On 28th October 2014 the government through Lord Bates ceded the consultation on mandatory reporting during the Serious Crimes Bill debate.
The ‘delay clock’ finally stopped on 21st July 16 when the Government commenced the consultation. The announcement was buried in multiple statements released to the House on the day the Parliamentary recess commenced. It also coincides with the start of the holiday season when Education, the largest Regulated Activity, is away for six weeks.
On 2 December 2015 Mandate Now handed in our petition signed by more than 200,000 to Downing Street. This was supported by a cross party delegation of politicians including the Rt Hon Cheryl Gillan MP for Amersham and Chesham who was joined by her constituent Mandate Now founder Tom Perry, Liberal Democrat Peer Baroness Walmsley who was instrumental in securing a government consultation on mandatory reporting during the passage of the Serious Crimes Bill through the House of Lords, Sharon Hodgson MP – Shadow Children’s Minister leading on Child Protection who was an early signatory to the petition, Fay Maxted OBE the Chief Executive of The Survivors Trust which supports our objectives and Natalie Brammer of Mandate Now.
Following the handing in at No.10, and after a long day in the House of Commons which was debating Syria, Cheryl Gillan presented our petition on the floor of the House – the petition can be read here.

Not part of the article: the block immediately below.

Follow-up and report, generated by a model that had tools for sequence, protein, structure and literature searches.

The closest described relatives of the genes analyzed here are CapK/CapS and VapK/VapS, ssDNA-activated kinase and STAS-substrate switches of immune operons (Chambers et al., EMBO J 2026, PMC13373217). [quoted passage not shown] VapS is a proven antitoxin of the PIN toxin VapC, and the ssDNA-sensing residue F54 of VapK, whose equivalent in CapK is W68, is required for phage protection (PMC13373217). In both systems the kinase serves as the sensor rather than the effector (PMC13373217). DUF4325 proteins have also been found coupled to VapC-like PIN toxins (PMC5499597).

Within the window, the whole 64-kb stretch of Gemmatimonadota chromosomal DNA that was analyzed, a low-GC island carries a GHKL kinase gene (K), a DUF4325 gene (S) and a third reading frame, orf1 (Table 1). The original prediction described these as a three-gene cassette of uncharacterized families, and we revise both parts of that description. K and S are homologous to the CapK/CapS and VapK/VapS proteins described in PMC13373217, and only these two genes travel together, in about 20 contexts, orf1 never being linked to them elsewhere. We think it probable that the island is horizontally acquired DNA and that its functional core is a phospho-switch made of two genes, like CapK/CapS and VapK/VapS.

Following delivery of the petition Mrs Gillan went to Parliament and presented he petition on the floor of the House :
BBC 3 Counties Radio (Beds Bucks and Herts), which includes Cheryl Gillan’s constituency of Chesham and Amersham, led on the campaign and petition throughout the morning programme on 4.12.15. This excellent introduction set the scene:
The programme concluded its coverage with an interview with Mandate Now: https://goo.gl/QNiDiv
In the last minute of this interview, Mandate Now was asked to comment on the NSPCC telling the programme that it does not have a clear position on Mandatory Reporting, and it would wait until the outcome of the forthcoming consultation on the issue. A comment was provided.
On 10th December a letter of acknowledging our petition was received from 10 Downing Street.
What happens after a public petition has been presented?
Regardless of how a public petition is presented to the House of Commons, the journey it takes afterwards does not differ. Public petitions are printed in Hansard (the official report of the proceedings of Parliament).
The text of the public petition is then sent to the Government department responsible for the matter with which it is concerned. The Government’s observations are also printed in Hansard and once printed, a copy is sent to the Member who presented the public petition.
The Petitions Committee can also recommend further action on a public petition, for example, recommending a debate in Westminster Hall or sending the petition to the relevant Select Committee. More information is available from the Petitions Committee.